Franco, on the other hand, had no purpose of being in the film. Anania, who heads the directing program at NYU, is also one of Franco's professors, which most likely explains his involvement. I'm sure Franco got a few extra credit points for his (probably unwilling) participation in this 'little film that could.' Toward the end of the film, it is revealed that Martine is just plain crazy, and that was the reason for her bizarre actions and behavior. This ultimately took away from what could've been a great ending that makes the audience think about what was really going on. Here, her sickness was explained, whereas in "Black Swan," Natalie Portman's character isn't diagnosed schizophrenic, and lets the audience decide that for themselves. In "The Letter," Mr. Sound Effects decided to include the sound of an abrupt braking of a truck after every change in behavior Martine displays. What could have made this effect better was a fluid dramatic score that conveyed her madness.
So yes, "The Letter" isn't the greatest film of Ryder's career, however, it stands as a test of her acting skills, and she succeeds. She compensates for the lackluster script and plot, while managing to convince us of her character's madness. As a fan of psychological thrillers, I was a bit disappointed with this film, and even though it lacks originality, it's definitely worth seeing.
Review: What a complete load of rubbish! With a name like Obsessed and
a cast with James Franco and Winona Ryder, I was expecting something
interesting and entertaining, but this was really bad. Most of the film
was set on stage with Winona Ryder directing a play, which was really
bad, and on top of that, you've got Winona Ryder narrating the whole
story. I really can't see what the director was trying to achieve with
this film because there isn't much point to it. I can understand the
twist which comes out at the end, but by that time I deliberately made
myself busy so I could get through the annoying pile of rubbish. The
stupid piano that's going through the whole movie is really annoying
and the mood if depressing. Just stay away from the film!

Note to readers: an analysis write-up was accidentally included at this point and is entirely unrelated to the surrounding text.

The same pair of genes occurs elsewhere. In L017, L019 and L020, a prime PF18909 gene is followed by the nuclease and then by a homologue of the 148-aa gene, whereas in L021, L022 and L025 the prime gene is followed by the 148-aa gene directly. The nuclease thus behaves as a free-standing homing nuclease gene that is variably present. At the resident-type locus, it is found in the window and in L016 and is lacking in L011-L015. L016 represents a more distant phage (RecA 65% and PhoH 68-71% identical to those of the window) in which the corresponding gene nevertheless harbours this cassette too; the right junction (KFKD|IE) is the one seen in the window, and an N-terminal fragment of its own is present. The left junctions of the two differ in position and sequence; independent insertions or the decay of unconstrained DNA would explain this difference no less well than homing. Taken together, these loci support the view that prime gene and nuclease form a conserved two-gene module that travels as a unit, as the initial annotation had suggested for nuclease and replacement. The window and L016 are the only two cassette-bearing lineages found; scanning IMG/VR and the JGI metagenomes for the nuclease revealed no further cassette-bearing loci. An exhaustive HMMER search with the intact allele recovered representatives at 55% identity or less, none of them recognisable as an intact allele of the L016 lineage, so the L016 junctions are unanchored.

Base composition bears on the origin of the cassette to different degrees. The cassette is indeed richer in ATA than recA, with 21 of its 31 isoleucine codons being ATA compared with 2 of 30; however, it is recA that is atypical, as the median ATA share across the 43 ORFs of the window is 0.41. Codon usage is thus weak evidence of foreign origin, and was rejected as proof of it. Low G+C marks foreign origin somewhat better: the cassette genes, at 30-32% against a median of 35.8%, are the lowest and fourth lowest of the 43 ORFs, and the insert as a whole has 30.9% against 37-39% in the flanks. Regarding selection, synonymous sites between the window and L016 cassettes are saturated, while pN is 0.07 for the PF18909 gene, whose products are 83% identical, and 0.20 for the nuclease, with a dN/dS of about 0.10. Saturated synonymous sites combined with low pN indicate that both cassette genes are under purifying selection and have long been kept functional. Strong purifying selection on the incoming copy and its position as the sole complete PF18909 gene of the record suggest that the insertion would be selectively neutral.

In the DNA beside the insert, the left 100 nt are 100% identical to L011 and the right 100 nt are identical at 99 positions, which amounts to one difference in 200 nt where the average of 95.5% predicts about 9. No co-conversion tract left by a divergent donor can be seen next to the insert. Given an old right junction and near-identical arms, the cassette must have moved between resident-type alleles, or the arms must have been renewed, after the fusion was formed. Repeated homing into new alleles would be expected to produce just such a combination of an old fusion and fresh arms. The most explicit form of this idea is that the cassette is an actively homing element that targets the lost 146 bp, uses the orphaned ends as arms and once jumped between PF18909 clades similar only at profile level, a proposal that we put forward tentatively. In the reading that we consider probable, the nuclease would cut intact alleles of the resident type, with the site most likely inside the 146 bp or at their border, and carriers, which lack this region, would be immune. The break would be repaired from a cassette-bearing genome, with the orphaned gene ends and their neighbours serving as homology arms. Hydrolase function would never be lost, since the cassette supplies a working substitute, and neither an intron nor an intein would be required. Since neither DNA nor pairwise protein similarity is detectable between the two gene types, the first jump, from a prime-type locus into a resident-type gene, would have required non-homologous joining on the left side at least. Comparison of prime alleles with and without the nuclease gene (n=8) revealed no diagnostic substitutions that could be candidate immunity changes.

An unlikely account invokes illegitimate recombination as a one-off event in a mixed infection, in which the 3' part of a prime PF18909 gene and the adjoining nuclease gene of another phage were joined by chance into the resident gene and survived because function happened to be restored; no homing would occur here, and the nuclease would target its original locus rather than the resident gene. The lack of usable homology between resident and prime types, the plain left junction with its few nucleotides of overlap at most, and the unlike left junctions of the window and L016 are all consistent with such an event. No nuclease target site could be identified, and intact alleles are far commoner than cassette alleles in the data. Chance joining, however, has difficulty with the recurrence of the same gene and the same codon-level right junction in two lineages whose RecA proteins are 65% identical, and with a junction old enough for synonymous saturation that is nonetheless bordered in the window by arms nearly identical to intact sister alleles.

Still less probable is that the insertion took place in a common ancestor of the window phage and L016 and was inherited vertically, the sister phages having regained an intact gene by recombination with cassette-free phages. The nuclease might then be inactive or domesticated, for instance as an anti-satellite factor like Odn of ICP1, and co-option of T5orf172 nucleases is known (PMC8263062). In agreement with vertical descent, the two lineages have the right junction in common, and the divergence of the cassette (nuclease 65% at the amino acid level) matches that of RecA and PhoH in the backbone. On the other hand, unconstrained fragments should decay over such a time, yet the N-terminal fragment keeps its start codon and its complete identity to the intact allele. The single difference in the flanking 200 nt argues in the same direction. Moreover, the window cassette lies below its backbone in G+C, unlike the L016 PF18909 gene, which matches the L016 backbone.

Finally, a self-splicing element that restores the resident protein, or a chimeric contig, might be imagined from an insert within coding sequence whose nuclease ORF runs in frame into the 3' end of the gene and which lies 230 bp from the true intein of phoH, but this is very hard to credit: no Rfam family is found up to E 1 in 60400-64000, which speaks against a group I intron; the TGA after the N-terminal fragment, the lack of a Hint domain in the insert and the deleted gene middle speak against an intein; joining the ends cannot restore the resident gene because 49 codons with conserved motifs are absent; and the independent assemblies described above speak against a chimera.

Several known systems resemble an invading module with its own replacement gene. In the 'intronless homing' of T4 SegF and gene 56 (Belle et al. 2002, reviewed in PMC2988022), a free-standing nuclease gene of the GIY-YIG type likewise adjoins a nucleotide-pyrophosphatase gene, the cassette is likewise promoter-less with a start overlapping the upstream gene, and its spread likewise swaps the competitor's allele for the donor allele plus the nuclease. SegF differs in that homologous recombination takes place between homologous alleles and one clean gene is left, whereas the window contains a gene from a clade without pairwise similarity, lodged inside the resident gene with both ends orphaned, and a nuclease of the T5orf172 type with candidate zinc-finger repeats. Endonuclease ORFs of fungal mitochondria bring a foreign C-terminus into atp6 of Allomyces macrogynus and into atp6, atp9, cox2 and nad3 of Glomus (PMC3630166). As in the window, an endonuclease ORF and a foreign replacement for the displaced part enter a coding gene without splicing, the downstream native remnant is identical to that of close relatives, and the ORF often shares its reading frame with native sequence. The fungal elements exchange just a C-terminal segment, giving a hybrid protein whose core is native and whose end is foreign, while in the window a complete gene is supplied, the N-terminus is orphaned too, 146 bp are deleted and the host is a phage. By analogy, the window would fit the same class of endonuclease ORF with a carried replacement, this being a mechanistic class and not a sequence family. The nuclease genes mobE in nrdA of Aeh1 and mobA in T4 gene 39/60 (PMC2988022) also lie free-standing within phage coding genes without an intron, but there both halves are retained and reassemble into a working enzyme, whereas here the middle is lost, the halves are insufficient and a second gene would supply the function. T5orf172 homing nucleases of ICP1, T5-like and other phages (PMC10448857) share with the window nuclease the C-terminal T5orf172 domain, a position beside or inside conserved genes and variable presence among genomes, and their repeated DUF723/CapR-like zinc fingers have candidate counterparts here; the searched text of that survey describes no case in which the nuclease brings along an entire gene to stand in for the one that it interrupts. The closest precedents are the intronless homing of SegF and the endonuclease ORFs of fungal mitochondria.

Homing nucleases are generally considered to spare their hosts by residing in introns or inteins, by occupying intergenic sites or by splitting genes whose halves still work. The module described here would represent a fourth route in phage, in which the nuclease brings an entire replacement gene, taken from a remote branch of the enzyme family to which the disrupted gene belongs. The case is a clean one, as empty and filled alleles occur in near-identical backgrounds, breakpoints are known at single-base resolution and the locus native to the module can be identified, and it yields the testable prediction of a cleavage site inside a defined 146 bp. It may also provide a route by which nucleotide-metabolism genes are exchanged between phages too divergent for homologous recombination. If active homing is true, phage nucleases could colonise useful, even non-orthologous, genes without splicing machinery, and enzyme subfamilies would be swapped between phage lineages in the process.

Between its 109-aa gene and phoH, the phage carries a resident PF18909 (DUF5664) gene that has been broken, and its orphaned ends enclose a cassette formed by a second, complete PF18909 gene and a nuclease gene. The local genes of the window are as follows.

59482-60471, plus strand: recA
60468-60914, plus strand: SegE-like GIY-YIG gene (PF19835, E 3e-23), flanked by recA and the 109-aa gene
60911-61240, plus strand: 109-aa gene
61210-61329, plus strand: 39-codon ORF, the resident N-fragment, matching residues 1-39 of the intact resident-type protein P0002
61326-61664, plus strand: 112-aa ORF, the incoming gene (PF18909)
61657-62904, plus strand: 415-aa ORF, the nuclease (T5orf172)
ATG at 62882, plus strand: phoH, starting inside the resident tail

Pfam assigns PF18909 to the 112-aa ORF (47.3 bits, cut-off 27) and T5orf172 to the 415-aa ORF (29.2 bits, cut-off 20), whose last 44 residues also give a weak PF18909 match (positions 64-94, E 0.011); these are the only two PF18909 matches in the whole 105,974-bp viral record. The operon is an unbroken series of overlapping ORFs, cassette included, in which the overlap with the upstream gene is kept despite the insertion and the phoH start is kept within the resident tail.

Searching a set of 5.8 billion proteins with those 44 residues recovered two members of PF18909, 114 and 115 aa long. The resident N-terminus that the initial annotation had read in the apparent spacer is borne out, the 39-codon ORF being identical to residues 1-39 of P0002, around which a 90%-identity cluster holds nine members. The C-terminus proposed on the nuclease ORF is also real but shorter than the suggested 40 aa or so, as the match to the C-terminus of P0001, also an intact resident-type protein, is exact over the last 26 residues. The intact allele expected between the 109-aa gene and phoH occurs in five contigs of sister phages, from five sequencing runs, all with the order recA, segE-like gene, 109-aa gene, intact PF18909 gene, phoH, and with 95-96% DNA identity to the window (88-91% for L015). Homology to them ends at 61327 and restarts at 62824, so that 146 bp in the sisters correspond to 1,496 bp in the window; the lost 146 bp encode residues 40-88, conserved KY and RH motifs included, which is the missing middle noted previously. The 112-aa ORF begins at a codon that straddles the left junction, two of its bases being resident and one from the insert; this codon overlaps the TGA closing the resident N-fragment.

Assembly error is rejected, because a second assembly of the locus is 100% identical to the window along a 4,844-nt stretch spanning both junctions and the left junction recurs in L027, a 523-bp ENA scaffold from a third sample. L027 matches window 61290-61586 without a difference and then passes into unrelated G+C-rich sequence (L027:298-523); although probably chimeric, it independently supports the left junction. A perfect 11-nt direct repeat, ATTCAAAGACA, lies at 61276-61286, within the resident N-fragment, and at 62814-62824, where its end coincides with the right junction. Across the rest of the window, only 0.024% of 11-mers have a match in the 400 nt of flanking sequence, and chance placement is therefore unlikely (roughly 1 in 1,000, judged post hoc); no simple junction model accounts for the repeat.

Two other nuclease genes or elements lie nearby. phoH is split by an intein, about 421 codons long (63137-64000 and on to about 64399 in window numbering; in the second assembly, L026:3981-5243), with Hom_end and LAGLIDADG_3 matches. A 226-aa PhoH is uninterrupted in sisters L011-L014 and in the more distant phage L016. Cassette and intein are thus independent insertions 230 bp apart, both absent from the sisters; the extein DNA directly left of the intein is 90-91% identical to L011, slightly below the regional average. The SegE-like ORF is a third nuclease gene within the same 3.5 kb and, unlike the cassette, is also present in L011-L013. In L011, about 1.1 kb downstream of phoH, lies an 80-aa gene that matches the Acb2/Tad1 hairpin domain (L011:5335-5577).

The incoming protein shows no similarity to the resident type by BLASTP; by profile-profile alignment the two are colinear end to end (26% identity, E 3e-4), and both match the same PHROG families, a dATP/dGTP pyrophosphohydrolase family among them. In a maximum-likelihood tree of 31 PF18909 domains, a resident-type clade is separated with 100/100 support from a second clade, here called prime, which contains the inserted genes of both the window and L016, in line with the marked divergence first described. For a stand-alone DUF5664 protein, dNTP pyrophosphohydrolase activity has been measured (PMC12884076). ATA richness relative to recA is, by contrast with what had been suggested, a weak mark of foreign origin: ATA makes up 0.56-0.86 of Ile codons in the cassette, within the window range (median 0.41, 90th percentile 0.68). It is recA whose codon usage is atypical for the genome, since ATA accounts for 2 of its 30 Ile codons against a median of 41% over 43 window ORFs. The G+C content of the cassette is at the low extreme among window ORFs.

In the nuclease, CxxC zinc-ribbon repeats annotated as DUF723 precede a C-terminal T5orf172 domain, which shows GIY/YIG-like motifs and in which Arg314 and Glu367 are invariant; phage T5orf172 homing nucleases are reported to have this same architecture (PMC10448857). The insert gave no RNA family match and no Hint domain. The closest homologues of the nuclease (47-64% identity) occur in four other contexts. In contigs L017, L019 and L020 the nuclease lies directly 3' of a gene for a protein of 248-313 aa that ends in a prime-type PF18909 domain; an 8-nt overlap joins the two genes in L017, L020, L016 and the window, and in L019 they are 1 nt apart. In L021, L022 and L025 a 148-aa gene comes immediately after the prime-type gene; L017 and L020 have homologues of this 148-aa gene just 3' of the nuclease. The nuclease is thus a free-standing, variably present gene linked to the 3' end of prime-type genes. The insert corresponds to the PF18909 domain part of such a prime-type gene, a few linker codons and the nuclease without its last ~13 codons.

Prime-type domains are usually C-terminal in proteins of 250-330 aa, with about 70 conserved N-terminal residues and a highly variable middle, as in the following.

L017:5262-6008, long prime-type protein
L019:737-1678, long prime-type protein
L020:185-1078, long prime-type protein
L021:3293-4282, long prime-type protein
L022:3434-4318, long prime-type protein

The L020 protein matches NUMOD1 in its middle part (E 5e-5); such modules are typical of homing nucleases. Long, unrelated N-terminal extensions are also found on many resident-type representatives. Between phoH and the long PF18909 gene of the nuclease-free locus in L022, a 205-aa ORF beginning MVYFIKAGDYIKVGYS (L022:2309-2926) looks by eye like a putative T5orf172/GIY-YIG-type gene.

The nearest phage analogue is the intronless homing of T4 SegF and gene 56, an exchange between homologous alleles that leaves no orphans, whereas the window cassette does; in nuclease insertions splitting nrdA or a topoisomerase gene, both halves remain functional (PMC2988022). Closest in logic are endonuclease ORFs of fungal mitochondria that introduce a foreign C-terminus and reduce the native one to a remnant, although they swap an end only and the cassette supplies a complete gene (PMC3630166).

Round-Up: I darn see why the hell James Franco and Winona Ryder agreed to doing this film because the script is appalling. Maybe they were just paying bills. Ever since Winona Ryder got caught thieving, her career has gone from bad to worse, and this movie isn't going to so her any favours. She's need a film like Beetlejuice 2 to bring her our of the dark. As for James Franco, I always knew that he does quirky movies, but I really can't see why he would want this film on his filmography. Anyway, I really can't find anything good to say about this film because there is nothing interesting or entertaining about it.
Budget: $10million (Waste Of Money!) Worldwide Gross: N/A
I recommend this movie anyone that wants to get bored to death. 1/10
This film tells the story of a female playwright, who is preparing for
the opening of her play. She experiences weird occurrences, and she
begins to doubt her sanity.
"The Letter" tries to be super artistic, as evidenced by super slow pace and the substitution of scenes with narration by the main character, I wish there was no narration, and they just show the events normally. The narration is plain and devoid of emotion, it does not give the first person emotional account that is expected. Winona Ryder does not look convincing as a playwright or as a crazy person. In fact, she looks to pretty and too sane for her role. The so called suspense fails miserably, because the strange events are presented in such subtle manner. There is no intensity, engagement or thrill. The whole film is a complete bore. I don't understand the beginning, middle or the end. The suppose twist at the end is so laughable and unbelievable, because there is no motive described anywhere in the film. Even when taking the low budget into account, "The Letter" could have bee so much better.